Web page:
Now that Tesla has uncapped the limit for its 8-year Model S powertrain warranty to “infinite” miles, how far might some Model S drivers actually be able to take this?
Could they drive a million miles all under warranty? Could they go farther?
Already, stranger things have happened, such as a couple of ex-army buddies traveling from Texas to the Panama Canal without any infrastructure at all. And Tesla itself blazed across country via Superchargers in 76.5 hours, and others have since gone quicker.
Already also, owners of the Model S – which was launched July 2012 – have reported 100,000 miles. With Superchargers “free” to use, and the Model S powertrain covered under warranty, can you think of a better car for an epic shakedown run?
So what can be done? Keeping this hypothetical scenario to conservative round numbers, an 85-kilowatt-hour Model S is EPA rated at 265 miles. At highway speeds one might shoot for 200-225 miles before opting for a recharge.
Let’s say 150 miles, and assume the build out of Superchargers across the U.S. – or some other region – on the map will make that conceivable.
Assumption for a single driving day:
According to early adopting Model S Signature Performance owner Mark Zimmer, who’s tested what’s viable and what’s not, you’d ideally want to avoid topping off the battery to 100 percent. The charge rate automatically slows down for the last 10-percent, is not as great for the battery, and eats time.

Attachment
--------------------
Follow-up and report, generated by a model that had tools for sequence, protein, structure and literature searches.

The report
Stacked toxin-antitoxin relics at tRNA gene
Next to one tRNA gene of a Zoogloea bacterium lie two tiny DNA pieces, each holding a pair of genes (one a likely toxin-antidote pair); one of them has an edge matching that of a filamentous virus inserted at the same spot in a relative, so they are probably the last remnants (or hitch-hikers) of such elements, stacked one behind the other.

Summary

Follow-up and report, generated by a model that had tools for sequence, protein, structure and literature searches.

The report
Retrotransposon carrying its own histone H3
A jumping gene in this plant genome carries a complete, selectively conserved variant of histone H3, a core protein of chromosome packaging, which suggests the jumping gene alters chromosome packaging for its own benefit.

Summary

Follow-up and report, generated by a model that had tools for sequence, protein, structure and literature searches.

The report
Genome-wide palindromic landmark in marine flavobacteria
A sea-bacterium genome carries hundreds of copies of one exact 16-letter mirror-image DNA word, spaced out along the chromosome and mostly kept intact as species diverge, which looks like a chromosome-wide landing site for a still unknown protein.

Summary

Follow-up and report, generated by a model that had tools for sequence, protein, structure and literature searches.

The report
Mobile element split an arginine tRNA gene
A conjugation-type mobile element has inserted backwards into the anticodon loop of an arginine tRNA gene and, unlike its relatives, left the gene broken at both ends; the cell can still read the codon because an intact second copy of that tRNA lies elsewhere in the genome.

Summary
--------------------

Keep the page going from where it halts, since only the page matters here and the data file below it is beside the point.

“Another factor that slows the charge session are the number of vehicles charging, battery version and SuperCharger installation (90 or 135 kilowatt output),” he said.
Again ideally, a Model S driver would recharge from 20 percent state of charge to 80 or 90 percent. Conservatively, 150 miles range could be obtained in 20 minutes under ideal conditions.
“Traveling 150 miles at 65 mph, that’s 2.3 hours between Superchargers,” said Zimmer. “Let’s add 40 minutes for the SuperCharger session and that’s 150 miles every 3 hours. At 9 hours of driving and charging, that’s 450 miles. Drive 300 travel days at 450 miles for 135,000 miles a year.”
This would mean long days allowing for stops at the Supercharger, and it assumes no backed-up lines at the Supercharger, quick meals, and bathroom breaks.
And, Zimmer, noted, further issues can or would crop up. Helping things could be if one recharged at a hotel overnight.
As it is, this is pretty conservative allowing for 65 days out of each calendar year as down time. Alternately, Model S adventure tourers could drive less, take less time out, or otherwise make it more workable for them.
At 135,000 miles per year, a Model S driver could do 1,080,000 miles in eight years.
General Motors offers 100,000 miles for its eight year Volt/ELR powertrain warranty limiting drivers to 12,500 miles per year which looks very curmudgeon-like next to Tesla’s extravagant policy.
Of course a zillion other hypotheticals could be made up, but the above is possible.
Now we only have to see if there are going to be any takers, and who can accrue the most under-warranty miles in eight years.